The woman who died in a small plane crash in Telluride Thanksgiving has been identified.
Mana Mohtasham, 37, died alongside pilot Bryan L. Kill, 48, most recently of Telluride.
The plane was on approach to Telluride Regional Airport the afternoon of Nov. 26 when eyewitnesses saw it spinning and come straight down, mere yards from a home.
The National Transportation Safety Board and Federal Aviation Administration continue investigating and have not yet released a preliminary report on the crash, which was the second double-fatal aircraft accident in San Miguel County within two months.
On Oct. 5, just four days after eloping for a private wedding ceremony in Telluride, Costas John Sivyllis, 30, and Lindsey Vogelaar, 33, who both worked in the airline industry and who were from Florida, died when their Beechcraft Bonanza came down in rugged terrain.
The plane had taken off from Telluride Regional and its fuel tanks were full, according to the NTSB’s preliminary report. The plane was about 300 pounds under its maximum gross takeoff weight. Data showed a normal take off and climb to the west, followed by a turn to the east. No known radio distress calls were heard after takeoff.
Visibility was determined to have been 10 miles in a sky clear of clouds, with wind speeds of 10 knots.
The downed plane was discovered about 8 miles east of the airport at an elevation of nearly 12,000 feet. The NTSB report says the wreckage showed “nearly vertical impact,” crushed fuselage at the forward section and heavy wing damage.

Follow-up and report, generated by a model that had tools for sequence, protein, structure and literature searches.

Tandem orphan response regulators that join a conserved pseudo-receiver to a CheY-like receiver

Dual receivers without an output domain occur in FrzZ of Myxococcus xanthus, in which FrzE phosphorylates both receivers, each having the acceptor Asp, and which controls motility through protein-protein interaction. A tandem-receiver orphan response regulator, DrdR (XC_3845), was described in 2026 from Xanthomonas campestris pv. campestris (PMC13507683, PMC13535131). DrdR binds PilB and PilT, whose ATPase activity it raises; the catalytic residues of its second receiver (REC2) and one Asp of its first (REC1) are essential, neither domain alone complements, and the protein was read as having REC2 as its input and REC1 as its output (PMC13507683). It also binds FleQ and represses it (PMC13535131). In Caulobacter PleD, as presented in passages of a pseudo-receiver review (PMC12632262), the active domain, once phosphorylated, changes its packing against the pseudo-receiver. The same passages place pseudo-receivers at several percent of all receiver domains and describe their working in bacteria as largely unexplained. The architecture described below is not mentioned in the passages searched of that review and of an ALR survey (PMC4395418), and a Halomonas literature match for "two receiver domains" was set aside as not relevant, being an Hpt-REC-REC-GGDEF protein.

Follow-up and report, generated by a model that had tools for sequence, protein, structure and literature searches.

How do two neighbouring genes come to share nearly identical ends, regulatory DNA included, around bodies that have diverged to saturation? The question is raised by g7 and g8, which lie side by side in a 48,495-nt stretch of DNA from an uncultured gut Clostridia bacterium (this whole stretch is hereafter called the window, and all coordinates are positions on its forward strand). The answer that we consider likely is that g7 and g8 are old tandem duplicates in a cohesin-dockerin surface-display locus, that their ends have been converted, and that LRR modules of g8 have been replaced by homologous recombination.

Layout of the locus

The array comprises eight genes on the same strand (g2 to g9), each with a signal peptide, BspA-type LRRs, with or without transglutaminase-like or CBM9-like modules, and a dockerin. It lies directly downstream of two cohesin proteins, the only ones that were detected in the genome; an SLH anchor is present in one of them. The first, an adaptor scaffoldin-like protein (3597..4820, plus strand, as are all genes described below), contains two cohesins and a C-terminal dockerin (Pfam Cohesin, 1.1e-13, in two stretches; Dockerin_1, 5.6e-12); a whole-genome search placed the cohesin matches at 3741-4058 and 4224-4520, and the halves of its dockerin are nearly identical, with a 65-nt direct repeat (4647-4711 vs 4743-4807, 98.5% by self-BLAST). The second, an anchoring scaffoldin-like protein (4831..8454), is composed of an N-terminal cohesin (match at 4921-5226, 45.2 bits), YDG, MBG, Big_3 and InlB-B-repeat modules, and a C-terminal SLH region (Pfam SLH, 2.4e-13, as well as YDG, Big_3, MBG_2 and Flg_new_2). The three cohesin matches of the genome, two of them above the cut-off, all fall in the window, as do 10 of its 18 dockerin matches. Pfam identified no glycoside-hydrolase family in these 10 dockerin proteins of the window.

The NTSB has not determined the likely causes of the crash; it can take up to two years for such a finding.
The NTSB also continues its investigation of another plane crash in the region, just one day before Sivyllis and Vogelaar died.
This crash, on Oct. 4, near Cedaredge, severely injured Tyler Beyer, 35, and Jessica Beyer, 33.
The Wyoming couple was flying home from a family birthday party in the area when their Cessna twin-seat went down just off Colorado 65, near Ward Lake.
Tyler Beyer, the pilot, told NTSB investigators they had departed Blake Field in Delta, bound for Casper, Wyoming, with 60 gallons of fuel, per a preliminary crash report.
He climbed along the valley parallel to the Grand Mesa and was at least 1,000 feet over the mountains when he noticed a “gradual reduction” in the rotations per minute of his aircraft's engine.
Beyer switched fuel tanks, turned on a boost pump and hit the throttle, but the engine didn’t respond. Instead, the RPMs kept decreasing and he could not keep the craft in the air.
Beyer spotted a clearing near the highway and prepared to crash land.
The Cessna hit the ground hard and bounced before catching fire.
Passersby on the highway, who included a physician, rushed to help the Beyerses and got them away from the craft as flames destroyed the cockpit, fuselage and inboard sections of both wings.
The Beyerses sustained broken bones and burns; Jessica was flown from the scene for medical care and Tyler was taken by ambulance. Both ultimately were taken to a Denver hospital.
Friends from the local ranching community later established an account at Home Loan State Bank of Montrose to benefit the couple. People can make contributions at the bank, 340 S. Townsend Ave., under the name Robert Beyer (Tyler’s father), attention Tish Saunders. For more information, call 970-497-4280.
A Go Fund Me account reportedly raised about $52,000 for the couple. It can be found by visiting gofundme.com and searching “Tyler and Jess’s Medical Expenses.”